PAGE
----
For a moment you not only see why a teacher wants to teach … but you get a glimpse of our young at their best and most open.
You see the students as destabilizing disruptive progress inhibitors while still recognizing that often their behavior is driven by self-preservation.
Sometimes it is as simple as that in their sometimes simple minded defense rhetoric and behavior is a simple terror of losing face in front of their peers.
There are glimpses of students as in-class people and out of school people. Young adults struggling with Life.
There is one scene in particular, before the school system’s disciplinary committee, in which a proud, taciturn teen <named Souleymane> must translate his African mother’s pleas to forgive her son. It is ironic, terrible, heart wrenching. You feel helpless. One of those moments where you almost wish you could step into the movie and help. It is powerful.
Souleymane is defiant and scared and isolated … and the only teacher with a hope of saving him is now is the teacher who cannot help him because the teacher himself is in self preservation mode.
This one scene is heart wrenching … maddening … and reality.
Society has created an almost ‘kill or be killed’ scenario for teachers … within the classroom AND within the administration AND with parents.
It reminds you that the threats come from within the classroom AND outside the classroom as you watch teachers who truly have good intent in mind being tested by the real world.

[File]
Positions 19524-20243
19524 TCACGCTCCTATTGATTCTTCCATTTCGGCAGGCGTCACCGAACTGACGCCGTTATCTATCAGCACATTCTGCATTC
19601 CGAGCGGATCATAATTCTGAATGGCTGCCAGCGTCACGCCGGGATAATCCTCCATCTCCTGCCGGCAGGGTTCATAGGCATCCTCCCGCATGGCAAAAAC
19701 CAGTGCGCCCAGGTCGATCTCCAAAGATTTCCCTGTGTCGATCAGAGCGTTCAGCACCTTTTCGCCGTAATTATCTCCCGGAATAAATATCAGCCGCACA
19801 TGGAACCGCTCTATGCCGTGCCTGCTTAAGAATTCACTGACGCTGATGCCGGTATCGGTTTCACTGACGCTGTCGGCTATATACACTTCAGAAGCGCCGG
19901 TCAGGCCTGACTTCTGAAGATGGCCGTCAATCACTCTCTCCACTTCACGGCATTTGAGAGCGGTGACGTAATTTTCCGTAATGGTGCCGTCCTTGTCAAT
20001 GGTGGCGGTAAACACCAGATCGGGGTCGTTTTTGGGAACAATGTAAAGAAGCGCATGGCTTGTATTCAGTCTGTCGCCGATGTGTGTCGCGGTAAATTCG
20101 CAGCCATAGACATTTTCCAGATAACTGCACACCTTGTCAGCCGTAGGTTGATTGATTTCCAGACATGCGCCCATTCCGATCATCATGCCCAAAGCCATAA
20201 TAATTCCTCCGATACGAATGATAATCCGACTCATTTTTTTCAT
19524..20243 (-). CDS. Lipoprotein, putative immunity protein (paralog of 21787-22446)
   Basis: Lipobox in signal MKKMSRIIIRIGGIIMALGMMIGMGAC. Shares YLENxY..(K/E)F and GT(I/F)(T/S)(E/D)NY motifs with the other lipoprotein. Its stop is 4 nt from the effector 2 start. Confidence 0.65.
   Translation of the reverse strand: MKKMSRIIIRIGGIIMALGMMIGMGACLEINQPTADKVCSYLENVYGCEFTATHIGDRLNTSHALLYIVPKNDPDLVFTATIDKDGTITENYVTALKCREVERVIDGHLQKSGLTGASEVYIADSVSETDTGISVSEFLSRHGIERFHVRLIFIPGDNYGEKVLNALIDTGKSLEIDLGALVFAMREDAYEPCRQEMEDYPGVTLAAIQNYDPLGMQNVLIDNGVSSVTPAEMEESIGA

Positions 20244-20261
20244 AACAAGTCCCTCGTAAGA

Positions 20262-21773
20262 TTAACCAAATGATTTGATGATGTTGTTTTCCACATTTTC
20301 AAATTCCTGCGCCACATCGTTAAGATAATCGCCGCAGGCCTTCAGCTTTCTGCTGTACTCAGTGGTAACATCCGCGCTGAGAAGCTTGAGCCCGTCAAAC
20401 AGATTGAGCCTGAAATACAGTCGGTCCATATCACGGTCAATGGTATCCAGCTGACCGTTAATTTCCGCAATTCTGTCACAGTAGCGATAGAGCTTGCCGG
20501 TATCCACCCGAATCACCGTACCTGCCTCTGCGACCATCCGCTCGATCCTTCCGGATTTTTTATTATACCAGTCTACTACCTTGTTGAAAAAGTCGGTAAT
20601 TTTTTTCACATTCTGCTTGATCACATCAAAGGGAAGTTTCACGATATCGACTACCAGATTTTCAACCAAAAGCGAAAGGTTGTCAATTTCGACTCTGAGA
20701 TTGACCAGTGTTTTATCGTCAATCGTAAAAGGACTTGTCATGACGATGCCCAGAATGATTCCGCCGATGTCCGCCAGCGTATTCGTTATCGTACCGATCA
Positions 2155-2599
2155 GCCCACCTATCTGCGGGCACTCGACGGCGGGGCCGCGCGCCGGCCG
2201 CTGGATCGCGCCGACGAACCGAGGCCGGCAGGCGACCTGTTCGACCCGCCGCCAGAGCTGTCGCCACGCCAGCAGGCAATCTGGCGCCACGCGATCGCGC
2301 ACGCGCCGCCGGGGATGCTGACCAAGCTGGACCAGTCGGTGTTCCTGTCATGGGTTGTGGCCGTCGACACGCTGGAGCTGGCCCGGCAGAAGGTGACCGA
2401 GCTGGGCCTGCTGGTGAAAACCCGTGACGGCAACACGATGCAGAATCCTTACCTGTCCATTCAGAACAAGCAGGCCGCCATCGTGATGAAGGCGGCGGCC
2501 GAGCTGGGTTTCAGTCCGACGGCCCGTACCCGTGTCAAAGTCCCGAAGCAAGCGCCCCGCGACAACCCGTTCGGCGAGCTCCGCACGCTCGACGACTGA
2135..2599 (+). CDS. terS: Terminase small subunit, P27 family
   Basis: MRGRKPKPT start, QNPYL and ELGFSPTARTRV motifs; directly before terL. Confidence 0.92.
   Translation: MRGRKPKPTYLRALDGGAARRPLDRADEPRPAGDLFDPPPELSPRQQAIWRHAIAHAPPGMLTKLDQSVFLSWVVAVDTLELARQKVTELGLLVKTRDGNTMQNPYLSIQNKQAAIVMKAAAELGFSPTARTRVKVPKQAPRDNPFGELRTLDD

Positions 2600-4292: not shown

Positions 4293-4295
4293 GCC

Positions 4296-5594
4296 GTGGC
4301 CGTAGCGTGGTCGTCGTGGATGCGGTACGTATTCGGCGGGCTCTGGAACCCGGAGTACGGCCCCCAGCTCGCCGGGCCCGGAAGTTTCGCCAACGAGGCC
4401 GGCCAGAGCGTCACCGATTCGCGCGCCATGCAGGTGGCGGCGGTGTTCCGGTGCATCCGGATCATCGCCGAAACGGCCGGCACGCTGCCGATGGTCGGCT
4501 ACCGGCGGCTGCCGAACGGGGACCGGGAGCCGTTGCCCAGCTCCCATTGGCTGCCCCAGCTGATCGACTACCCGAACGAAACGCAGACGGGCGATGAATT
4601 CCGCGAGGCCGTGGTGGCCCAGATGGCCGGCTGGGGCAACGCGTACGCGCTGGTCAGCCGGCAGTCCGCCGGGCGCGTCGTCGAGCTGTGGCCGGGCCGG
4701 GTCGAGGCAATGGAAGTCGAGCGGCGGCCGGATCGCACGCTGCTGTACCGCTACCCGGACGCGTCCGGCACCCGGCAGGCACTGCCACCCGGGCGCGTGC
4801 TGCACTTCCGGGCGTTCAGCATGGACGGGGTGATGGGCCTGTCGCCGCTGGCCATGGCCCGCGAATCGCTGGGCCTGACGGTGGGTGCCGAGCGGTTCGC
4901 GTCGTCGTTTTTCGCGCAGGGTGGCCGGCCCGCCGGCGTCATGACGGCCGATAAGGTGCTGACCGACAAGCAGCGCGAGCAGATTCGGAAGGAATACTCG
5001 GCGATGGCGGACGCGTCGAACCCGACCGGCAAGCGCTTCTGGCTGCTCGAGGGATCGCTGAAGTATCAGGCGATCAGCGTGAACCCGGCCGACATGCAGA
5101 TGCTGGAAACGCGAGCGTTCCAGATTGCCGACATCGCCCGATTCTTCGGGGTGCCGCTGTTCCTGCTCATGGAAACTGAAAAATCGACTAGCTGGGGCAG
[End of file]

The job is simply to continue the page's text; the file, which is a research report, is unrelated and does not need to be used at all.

They make you understand that teaching is moment to moment, an endless series of <grinding thoughtful> negotiations that often teeter on intangibles … on the teacher’s imagination and empathy and the struggle to stay centered … and simply having the energy to deal with the situation at hand.
The movie ends on a bitter note.
It leaves a not so pleasant taste in your mouth while making its point that maybe the system is not broken but rather that, just as in Life, it is complex and flawed … but choices have to be made so that everything can continue to move on.
And as a teacher you just keep on going and try to do better the next time. Teachers … despite the moment to moment teaching energy grind … recognize … in some form or fashion … they are dealers in Hope as much as educators.
I think this is a remarkable movie.